Cognitive biases are caused by mental shortcuts. Sometimes, these cues can be accurate, but other times not so much. We create mental shortcuts, known as heuristics, which can be influenced by:
Psychologists suggest that many of these biases serve an adaptive purpose; they allow us to reach a decision quickly when faced with a dangerous or threatening situation. Much like an 'animal instinct', if you like.
For example, imagine you are walking down a dark street. You spot a shadow, and assume someone dangerous is following you - you want to get out of the alley. That shadow could have simply been a flag waving in the breeze but your mental shortcuts allowed you to react quickly to escape a potential threat, even if they are not always accurate.
Ultimately, your brain is trying to protect you. Your brain will see any threat as a physical one when it's really just psychological.
Cognitive biases with System 1 and System 2 thinking
As humans, we are blessed with an intuitive internal stranger that is System 1 thinking. The challenge this poses is profound. It is human nature to make mistakes, and just because we are now aware of this limitation, doesn’t mean we can prevent the mistakes from happening.
What can we do? We need to accept us as we are. The good thing about being a human is that we also have a deliberative part of our brain: System 2.
For the first time in human evolution, behavioural science has discovered that our slow, deliberative System 2 mind has realised that there is a much faster, more powerful System 1 in existence.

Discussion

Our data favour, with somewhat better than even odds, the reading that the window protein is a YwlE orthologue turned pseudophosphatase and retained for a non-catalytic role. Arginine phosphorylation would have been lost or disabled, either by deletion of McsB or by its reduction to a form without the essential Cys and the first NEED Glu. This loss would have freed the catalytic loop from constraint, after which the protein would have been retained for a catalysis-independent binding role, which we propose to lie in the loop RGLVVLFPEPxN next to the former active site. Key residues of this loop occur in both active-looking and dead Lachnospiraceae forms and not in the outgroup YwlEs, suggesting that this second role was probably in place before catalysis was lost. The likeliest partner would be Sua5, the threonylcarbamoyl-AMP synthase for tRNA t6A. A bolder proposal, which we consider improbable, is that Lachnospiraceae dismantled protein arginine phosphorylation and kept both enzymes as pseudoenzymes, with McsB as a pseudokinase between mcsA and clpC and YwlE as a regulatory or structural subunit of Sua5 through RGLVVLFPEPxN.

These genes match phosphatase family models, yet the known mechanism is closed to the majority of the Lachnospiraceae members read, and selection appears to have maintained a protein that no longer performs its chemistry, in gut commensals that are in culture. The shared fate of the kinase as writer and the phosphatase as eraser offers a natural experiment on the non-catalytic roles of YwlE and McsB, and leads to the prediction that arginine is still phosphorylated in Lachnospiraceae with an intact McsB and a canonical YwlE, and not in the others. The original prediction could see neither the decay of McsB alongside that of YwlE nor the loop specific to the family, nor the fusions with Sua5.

With that realisation, we can transform the way we retail; we can shape package design and improve shopping experiences, both in-store and online. We are now for the first time in a position to create retail that allows shoppers to make better decisions. This is the first time in evolution this has happened.
But what we all have to decide is whether we want the decisions shoppers make to benefit them or to be for the good of the retailers and brands competing for share of spend. Frankly, embracing behavioural science and shopper psychology has the power to do both!
How to use cognitive biases in retail
Humankind has achieved a lot, despite all of these cognitive biases. Now that we are aware of them, we can design our stores and websites to neutralise their effect. If we want to avoid buyer’s remorse, we have to reshape the retail environments around us rather than hope to change ourselves.
Brands, retailers, marketers and designers now need to call on the expertise of behavioural science if they are to best meet the newly discovered needs of shoppers and consumers. If you’d like to know more about how shoppers really think, and how you can cater to their cognitive biases, ask me.
Humans are limited, we’re not perfect and we are irrational in many ways. But for the first time, we now have the opportunity of building retail that helps shoppers and consumers to make better decisions. Be that based on financial, health or whatever, that’s my hope.
And as shoppers, by accepting our inner stranger, we will come to a better understanding of our own minds, as well as those of others, and as a result, become more effective at shopping.
I think it is important to be aware in general of where human beliefs come from. If we think we have reasons for what we believe, that is often a mistake. Our beliefs, our wishes and our hopes are not always anchored in reasons, they are anchored in something else that comes from within and is different. Daniel Kahnemann